Some clinical circumstances should trigger an offer of an HIV test as a matter of routine, for example as part of antenatal care.
In high prevalence areas, there is a good case for even more extensive testing, including strategies for population screening.
Kalyna, 26 - a patient's view
I came to London from the Ukraine just under a year ago, and quite quickly found work in a bar. I needed to sort out contraception, so I registered with a doctor. When I first visited the practice I was seen by a nursing assistant and had my blood pressure checked and so on. To my surprise the assistant then offered me an HIV test – she explained they were being offered to all new patients. She explained that HIV was very treatable and that was why they wanted people to get the finger prick test.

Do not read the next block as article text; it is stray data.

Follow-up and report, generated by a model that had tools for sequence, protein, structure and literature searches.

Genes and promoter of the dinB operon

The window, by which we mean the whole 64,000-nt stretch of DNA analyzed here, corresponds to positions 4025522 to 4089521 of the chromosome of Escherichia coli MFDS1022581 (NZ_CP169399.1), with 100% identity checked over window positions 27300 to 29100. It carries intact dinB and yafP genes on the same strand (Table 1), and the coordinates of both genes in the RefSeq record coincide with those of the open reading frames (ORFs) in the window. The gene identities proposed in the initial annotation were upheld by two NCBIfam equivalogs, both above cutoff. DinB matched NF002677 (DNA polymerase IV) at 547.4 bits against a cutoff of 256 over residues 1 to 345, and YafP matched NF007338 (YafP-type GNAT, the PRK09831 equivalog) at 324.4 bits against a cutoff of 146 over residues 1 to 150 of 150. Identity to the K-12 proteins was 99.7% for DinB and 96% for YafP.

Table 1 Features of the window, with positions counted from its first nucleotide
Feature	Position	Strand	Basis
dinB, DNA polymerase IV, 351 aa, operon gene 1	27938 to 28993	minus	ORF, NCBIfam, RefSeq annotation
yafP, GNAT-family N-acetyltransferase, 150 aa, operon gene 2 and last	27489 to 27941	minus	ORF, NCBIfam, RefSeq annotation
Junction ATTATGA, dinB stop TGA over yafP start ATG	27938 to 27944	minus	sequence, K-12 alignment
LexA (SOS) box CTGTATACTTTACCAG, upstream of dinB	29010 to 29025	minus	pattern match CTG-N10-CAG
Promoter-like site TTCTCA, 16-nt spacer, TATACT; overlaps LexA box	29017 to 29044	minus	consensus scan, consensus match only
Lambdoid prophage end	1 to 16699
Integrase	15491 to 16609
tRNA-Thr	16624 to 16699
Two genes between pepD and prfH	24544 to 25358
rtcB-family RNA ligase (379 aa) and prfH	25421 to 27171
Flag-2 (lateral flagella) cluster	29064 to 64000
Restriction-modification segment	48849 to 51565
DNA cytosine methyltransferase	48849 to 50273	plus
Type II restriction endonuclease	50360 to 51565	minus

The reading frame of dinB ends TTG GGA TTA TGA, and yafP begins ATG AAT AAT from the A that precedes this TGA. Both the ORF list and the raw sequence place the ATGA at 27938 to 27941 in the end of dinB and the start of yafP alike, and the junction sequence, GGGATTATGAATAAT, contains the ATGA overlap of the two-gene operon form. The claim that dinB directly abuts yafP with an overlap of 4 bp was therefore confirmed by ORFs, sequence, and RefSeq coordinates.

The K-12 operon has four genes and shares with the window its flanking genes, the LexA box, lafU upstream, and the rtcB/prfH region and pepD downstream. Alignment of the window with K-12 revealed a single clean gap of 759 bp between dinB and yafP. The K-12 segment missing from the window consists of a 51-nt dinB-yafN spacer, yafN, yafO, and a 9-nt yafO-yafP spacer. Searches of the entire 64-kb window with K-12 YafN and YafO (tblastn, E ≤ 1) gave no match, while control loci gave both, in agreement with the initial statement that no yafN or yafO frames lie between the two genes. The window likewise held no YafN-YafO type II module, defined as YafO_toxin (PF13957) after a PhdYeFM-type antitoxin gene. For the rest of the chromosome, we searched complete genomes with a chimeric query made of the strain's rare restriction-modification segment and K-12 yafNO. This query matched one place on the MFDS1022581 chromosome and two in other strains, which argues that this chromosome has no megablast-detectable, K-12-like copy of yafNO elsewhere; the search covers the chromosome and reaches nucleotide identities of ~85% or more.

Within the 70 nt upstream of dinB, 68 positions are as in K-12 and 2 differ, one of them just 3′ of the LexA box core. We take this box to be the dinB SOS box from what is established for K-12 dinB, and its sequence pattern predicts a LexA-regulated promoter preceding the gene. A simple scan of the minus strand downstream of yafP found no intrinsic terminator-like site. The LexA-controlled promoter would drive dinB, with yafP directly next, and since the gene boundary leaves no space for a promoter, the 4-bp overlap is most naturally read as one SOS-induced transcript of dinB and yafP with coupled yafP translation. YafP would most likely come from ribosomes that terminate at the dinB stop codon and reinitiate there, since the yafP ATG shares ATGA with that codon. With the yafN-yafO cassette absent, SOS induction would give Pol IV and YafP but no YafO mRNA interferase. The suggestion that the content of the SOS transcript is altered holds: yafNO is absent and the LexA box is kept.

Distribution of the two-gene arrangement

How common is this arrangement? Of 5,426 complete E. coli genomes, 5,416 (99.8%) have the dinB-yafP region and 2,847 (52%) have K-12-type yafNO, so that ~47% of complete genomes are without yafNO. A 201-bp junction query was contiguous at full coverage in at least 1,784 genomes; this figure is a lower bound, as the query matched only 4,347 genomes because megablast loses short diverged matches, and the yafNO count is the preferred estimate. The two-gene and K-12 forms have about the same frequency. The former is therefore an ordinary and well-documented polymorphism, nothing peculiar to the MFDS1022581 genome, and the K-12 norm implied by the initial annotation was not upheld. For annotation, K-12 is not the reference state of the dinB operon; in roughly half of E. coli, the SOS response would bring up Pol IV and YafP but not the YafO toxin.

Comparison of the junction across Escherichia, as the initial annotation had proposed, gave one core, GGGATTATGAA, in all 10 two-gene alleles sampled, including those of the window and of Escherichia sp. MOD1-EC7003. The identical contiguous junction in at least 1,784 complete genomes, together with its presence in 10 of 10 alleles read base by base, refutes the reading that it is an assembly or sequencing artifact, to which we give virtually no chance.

I agreed and I think we were both fairly shocked with the positive result. She very quickly arranged for me to meet a nurse in a local clinic to have another test to double check – they found I was indeed infected. Things have been a bit of a whirlwind since then. I think an old boyfriend of mine in the Ukraine had used drugs before I knew him – I am trying to track him down so I can be sure he gets a test. This will not be an easy conversation, but I have had good advice from my clinic.
My immunity is good so apparently I don’t need treatment yet – I can see now that it is good that the infection was detected early, whatever my regrets.
[translated from Ukrainian; not her real name].